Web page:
The bartender eased a cool glass down onto the bar and slid it towards Kirk. “Hey, Tom Kirk,” said a voice from behind him. “Been a long, long time.” Kirk’s smile disappeared, he was a Kirk after all, and he turned. “Jesus Christ, McFinn?! Is that you McFinn? You’re a cop now?” Kirk could not help himself. He just started laughing. Laughing loudly. He glanced down and took a sip of his drink between chortles. Letting out a heavy sigh, he lifted his gaze back up and towards McFinn.

“McFinn,” he said with urgency, “DUCK!”

The Paddy Wagon

The paddy wagon slammed its doors and slowly trundled down the iced alleyway with its cargo safely handcuffed in the rear. Sgt. McFinn sighed and looked at his watch. Two minutes till shift change. He would type up the Night Man report tomorrow. He didn’t want to go home back to the soon to be ex wife. Probably wouldn’t hurt to check out the new speakeasy everyone was talking about. He’d walk thru and see if the owners would offer him a cordial beverage. He slipped his badge into his pocket and headed in.

The place was packed. Everybody who was somebody in the Steel City was crowded around the bar, watching a dark haired gypsy tantalizingly crafting magic potions with deft skill. Another bartender stood next to her, like a bespectacled carnival barker, regaling the crowd with the historical footnotes they would surely taste in tonight’s special elixir. The proprietress glided past him with a welcoming smile and placed a Little King in front of him. “On the house, officer.” A wink and she was gone, into the crowd.

That’s when he saw Kirk. But it was also at that moment that Tyron “Lil Flip” Penny saw him…

The Smell of Bacon


The first thing he remembered was the sweet smell of bacon. Not just any bacon, but some sort of glazed sweet smelling bacon. His eyes and his brain battled to be the first to regain focus. Something felt cold against his face. “Wha…what happened,” he tried to mutter but what tasted like a mouthful of blood kept the words from fully forming.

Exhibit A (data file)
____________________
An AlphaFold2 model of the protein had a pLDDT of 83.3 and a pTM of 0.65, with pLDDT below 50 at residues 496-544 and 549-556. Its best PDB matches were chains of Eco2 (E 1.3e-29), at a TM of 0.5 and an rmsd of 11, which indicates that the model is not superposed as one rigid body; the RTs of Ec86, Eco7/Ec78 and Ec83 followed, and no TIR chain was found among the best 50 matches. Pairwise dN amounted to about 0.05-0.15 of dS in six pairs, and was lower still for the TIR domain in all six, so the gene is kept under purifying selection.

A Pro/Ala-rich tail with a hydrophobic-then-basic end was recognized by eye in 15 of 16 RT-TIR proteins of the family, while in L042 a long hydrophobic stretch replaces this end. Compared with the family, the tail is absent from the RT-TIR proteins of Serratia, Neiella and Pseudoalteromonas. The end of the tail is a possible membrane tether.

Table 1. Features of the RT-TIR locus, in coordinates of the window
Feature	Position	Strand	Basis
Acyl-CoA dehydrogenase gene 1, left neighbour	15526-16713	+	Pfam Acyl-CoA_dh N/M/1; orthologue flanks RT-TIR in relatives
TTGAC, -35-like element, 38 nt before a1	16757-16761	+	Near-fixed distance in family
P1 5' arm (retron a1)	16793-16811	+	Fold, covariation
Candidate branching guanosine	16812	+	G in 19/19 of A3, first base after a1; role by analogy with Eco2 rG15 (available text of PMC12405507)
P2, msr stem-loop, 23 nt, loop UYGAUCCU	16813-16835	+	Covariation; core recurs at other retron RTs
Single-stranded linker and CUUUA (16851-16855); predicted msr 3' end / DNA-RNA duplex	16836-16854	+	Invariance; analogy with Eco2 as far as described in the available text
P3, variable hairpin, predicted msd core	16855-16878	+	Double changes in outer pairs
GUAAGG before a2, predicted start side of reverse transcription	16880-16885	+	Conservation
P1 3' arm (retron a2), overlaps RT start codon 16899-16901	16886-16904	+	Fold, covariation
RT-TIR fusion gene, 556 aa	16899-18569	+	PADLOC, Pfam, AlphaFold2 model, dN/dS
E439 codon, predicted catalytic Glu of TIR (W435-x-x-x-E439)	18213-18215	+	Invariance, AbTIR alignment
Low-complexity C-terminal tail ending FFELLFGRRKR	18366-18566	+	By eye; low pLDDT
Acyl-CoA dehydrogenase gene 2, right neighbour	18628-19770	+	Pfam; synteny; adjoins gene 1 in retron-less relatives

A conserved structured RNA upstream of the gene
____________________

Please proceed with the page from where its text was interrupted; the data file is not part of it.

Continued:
“Spit it in the trash can asshole,” said a gruff busied yet calm voice.
Tommy Kirk’s eyes started to win the battle and he quickly realized that he was sitting in a kitchen. The cook or chef or whatever the fuck you’d call him was a burly, half-shaven and knit cap topped mountain of a man. “Keep the flank steak on that face my man, or that face is gonna swell up like a two year olds birthday balloons.”
Kirk felt a slab of something cold in his own hand. He pulled it from his face and glanced down. Sure as shit it was a hunk of red meat. He tried to crack a smile but the only thing that felt like it cracked was his orbital bone around his right eye. He leaned over and spit a mouthful of blood into the little red bucket the chef had placed beside his seat.
“What happened?” he mumbled.
“You my friend,” the chef replied cheerfully, “to put it bluntly, took one for the team.”
“I did what?”
“You saved McFinn’s ass my friend.”
McFinn, oh shit, McFinn…that’s right. Kirk remembered – the fancy cocktail joint, that guy raising the hefty white plate over his head behind him…
“And…you saved one of my best plates!” the chef laughed. “You’ve got a soft noggin dude. Didn’t even chip the thing! I owe you.”
“Who was that guy?” Kirk whispered.
“It doesn’t matter man,” the chef said with a suddenly very serious tone but never breaking stride with the dough he was working dutifully. “Here’s the deal. ‘That guy’ is very bad news. I’ve dealt with him many a time in my day job. He is serious business in this town. Very serious.”
His tone was sufficiently ominous to keep Kirk’s attention.
“He obviously had a “job” to do, and you warning Kirk like that – while heroic in most eyes – is very likely a death sentence in some other eyes.”
Kirk silently mused to himself, “of course”

The Doppleganger


“So,” the burly pizza maker said, nodding towards a black door on the back wall of his makeshift kitchen. “You are going to go through that door, there is a garage behind that. I’ve unlocked the small hatch on the garage door for you. You are going to go through the garage and get your ass out of here for sure. And, if you’re smart, you’ll get the hell out of this city. Hear me?”
Kirk nodded.
“Thanks for this,” he said smart-assedly, placing the cold red meat onto the edge of a stainless steel work table. “Don’t serve this, okay?”
The chef smiled a warm smile. Kirk opened the black door and stepped into the cold, cluttered garage.
“Hey,” the chef snapped, “I’ve left you a cold can of Blatz on the shelf. Do NOT even think of touching any of these peoples other beer in there or I’ll make sure my plate breaks when it hits your face. Entiendes?” Kirk had lived in this town long enough to understand. Hell, he’d lived here long enough to have become half Hispanic by osmosis.